Fall Wreath Making in 10 Easy Steps

September 17, 2017 | By Carrie Dubberley | Reply More

Many of our native plants put on their second show of growth and color in the fall, making this the perfect time to head out into your garden to gather flowers, branches and fall colored leaves to put in a vase for a flower arrangement or for materials to make a wreath.

Designing wreaths with plants right out of your garden can be fun and easy if you follow a few basic steps.

The Wreath Making Process

Materials You will Need

When to Harvest

Harvest cut flowers anytime. Harvest herbs in the morning after the dew has evaporated but before the day warms for more fragrant essential oils in the plant material.

  • Foliage and flowers, either fresh or dried
  • Pruners and scissors
  • Wire or grapevine wreath frame
  • Spool wire
  • Rubber bands
  • Gloves (to protect hands from herb oils)

1. Start with fresh cuttings of foliage and flowers straight from your garden (fresh material is more flexible, better smelling and stays fresh looking longer than dried). Prepare an area for assembling your wreath by placing a plastic tablecloth over a large table, preferably outside under a large tree on a beautiful fall day!

2. Cut the stems/flowers about the same length; 8 to 12 inches long depending on the size of the ring. A larger frame needs longer stems and more material.

3. Assemble your foliage and flowers  into 10-12 groups per ring (depending on the size of the ring). Ensure clusters are same length, and wrap a rubber band tightly around the end of the stems to secure each bundle.

Wreath Making Bundle Plant Material

4. Securely wrap the end of the spooled wire around the wreath ring to form a hook.  Do not cut the wire, as you will be using the wire in the next steps to wrap the foliage tightly around the form.

5. Place your first bundle of materials on the wreath ring. Tightly wrap the wire several times around the wreath to secure it to the ring.

Wreath Making Attach Bundle To Ring

6. Place a second bundle of materials securely on the wreath form and overlapping the stems of the first bundle. Position the bundle with stems aligned with the previous bundle and following the curve of the ring. Continue wrapping with wire.

7. Continue adding bundles of foliage until the whole wreath is covered, wrapping the wire around the wreath to secure the materials to the ring.

Wreath Making Attach Bundles To Ring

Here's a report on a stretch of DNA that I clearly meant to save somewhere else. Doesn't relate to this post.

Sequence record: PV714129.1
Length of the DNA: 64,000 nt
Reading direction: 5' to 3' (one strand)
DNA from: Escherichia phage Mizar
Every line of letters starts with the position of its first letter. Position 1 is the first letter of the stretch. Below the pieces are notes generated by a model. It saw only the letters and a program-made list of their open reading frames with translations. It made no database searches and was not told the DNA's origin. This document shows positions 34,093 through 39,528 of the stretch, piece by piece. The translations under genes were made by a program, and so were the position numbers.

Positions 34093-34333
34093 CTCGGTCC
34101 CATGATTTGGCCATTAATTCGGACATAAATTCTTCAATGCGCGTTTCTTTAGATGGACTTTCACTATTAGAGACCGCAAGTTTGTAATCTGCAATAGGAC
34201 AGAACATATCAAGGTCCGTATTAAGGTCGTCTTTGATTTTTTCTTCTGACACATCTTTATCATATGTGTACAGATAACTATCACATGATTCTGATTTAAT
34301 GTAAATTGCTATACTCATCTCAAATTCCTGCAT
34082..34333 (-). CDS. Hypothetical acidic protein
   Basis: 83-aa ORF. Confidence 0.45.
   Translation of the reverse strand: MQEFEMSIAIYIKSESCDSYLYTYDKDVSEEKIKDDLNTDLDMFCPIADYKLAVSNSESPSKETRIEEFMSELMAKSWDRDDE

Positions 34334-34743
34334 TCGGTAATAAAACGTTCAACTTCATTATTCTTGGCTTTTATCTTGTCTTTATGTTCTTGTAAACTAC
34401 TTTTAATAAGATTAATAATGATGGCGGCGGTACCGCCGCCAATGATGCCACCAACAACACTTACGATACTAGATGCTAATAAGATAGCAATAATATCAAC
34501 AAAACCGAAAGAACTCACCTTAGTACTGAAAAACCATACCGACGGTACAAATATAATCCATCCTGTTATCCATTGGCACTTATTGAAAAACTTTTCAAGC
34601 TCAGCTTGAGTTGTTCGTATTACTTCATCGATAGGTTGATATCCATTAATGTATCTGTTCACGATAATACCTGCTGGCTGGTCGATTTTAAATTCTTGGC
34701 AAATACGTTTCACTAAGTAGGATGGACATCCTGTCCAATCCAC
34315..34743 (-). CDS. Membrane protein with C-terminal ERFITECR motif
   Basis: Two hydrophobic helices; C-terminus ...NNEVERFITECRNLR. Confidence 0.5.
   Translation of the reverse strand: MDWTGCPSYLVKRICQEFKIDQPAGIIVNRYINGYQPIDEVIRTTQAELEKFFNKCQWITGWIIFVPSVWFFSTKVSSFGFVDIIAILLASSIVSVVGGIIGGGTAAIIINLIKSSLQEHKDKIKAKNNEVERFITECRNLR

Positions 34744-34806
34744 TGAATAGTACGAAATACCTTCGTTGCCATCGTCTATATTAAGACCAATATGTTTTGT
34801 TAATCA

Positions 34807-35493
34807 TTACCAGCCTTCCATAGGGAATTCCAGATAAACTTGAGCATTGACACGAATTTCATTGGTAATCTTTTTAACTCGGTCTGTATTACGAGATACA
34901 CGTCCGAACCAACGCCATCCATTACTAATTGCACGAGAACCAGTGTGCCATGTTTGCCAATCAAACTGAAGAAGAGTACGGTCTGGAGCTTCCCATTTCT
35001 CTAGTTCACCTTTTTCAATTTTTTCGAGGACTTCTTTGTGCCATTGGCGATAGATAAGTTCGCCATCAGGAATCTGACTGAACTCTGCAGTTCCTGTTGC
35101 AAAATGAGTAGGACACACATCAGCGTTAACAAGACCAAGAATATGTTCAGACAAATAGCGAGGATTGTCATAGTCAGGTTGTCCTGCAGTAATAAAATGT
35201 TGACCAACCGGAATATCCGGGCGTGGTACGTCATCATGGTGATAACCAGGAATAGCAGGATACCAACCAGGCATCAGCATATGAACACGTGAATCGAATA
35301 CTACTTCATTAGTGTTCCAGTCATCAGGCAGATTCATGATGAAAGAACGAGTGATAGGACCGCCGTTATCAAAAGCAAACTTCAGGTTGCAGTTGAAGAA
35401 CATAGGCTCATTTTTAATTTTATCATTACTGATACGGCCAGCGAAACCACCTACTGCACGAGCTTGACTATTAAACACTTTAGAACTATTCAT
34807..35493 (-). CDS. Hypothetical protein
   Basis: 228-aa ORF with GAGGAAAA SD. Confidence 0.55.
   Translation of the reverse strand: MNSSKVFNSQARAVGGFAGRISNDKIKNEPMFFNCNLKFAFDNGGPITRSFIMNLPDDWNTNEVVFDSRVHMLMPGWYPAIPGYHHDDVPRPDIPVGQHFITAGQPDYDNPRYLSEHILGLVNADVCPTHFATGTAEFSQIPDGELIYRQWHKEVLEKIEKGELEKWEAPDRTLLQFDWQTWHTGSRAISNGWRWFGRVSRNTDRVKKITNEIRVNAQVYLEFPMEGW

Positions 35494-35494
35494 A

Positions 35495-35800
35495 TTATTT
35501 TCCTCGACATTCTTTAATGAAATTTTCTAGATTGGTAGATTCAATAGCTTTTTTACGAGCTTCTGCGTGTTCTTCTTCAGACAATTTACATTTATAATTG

8. Once you’ve reached the starting point and are attaching your last bundle of materials, carefully lift the first bundle and tuck the stems underneath. Holding the first bundle up and out of the way, tightly wrap the wire around the stems of the last bundle to secure it one last time. Adjust the bundles to hide the wire frame.

9. Now you can cut the wire, leaving 1 or 2 inches to wrap around the wreath form tightly, pushing the sharp end into the wreath.

Wreath For Fall

10. For a finishing touch, add any special decorations such as bows, ornamental sprigs, roses or fruit.

Wreath Materials You Can Grow Yourself

Mexican Bush Sage and Rosemary

Mexican Bush Sage and Rosemary

My favorite wreath materials are fresh from the garden in the fall: silvery Artemisia ‘Powis Castle’, purple Mexican Bush Sage, and culinary herbs like rosemary, thyme, sage and lavender.

For a more traditional fall arrangement, warm colored plants in shades of red, orange and yellow are bountiful this time of year. Look for oak and maidenhair trees and berries of other native plants – Snail seed vine, Yaupon Hollies, Oakleaf hydrangea, and flowers such as marigolds, mums, and Texas tarragon. Add embellishments such as dried seed pods of okra, magnolias, or other remnants of summer bloomers.

For the Holidays, use trimmings from pine trees, junipers, rosemaries, and hollies and celosia for a pop of color. For more on seasonal color for wreath making and other crafts, check out my post on herbal holiday crafting.

Plants By Color

  • Grays: Artemisia ‘Powis Castle’ (all Artemisia), Lamb’s Ear (flowers and foliage), Dusty Miller, Garden sage, Lavender, Hyssop, Eucalyptus
  • Greens: Rosemary, Mint, Thyme, Oregano, Germander, Geranium, Pine, Juniper, Lemon Verbena, Savory
  • Purples: Salvias: Mexican Bush Sage, Autumn Sage; Purple Perilla
  • Pinks: Millet, Autumn Sage, Yarrow, Purple Cone Flower
  • Reds: Roses, Cockscomb, Autumn Sage, Holly berries, Snail seed vine, Oakleaf hydrangea
  • Yellows: Marigolds, Sweet Annie, Yarrow, Tansy, Cockscomb, Mexican Mint Marigold
  • Oranges: Marigolds, Calendula
  • Whites: Baby’s Breath, Statice

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Category: Crafting, Events

Carrie Dubberley is a horticulturist, garden coach, teacher, writer and speaker. Carrie's passion is sustainable landscaping, specializing in North Texas native and well-adapted plants and water conserving rain gardens. Learn more about Carrie.

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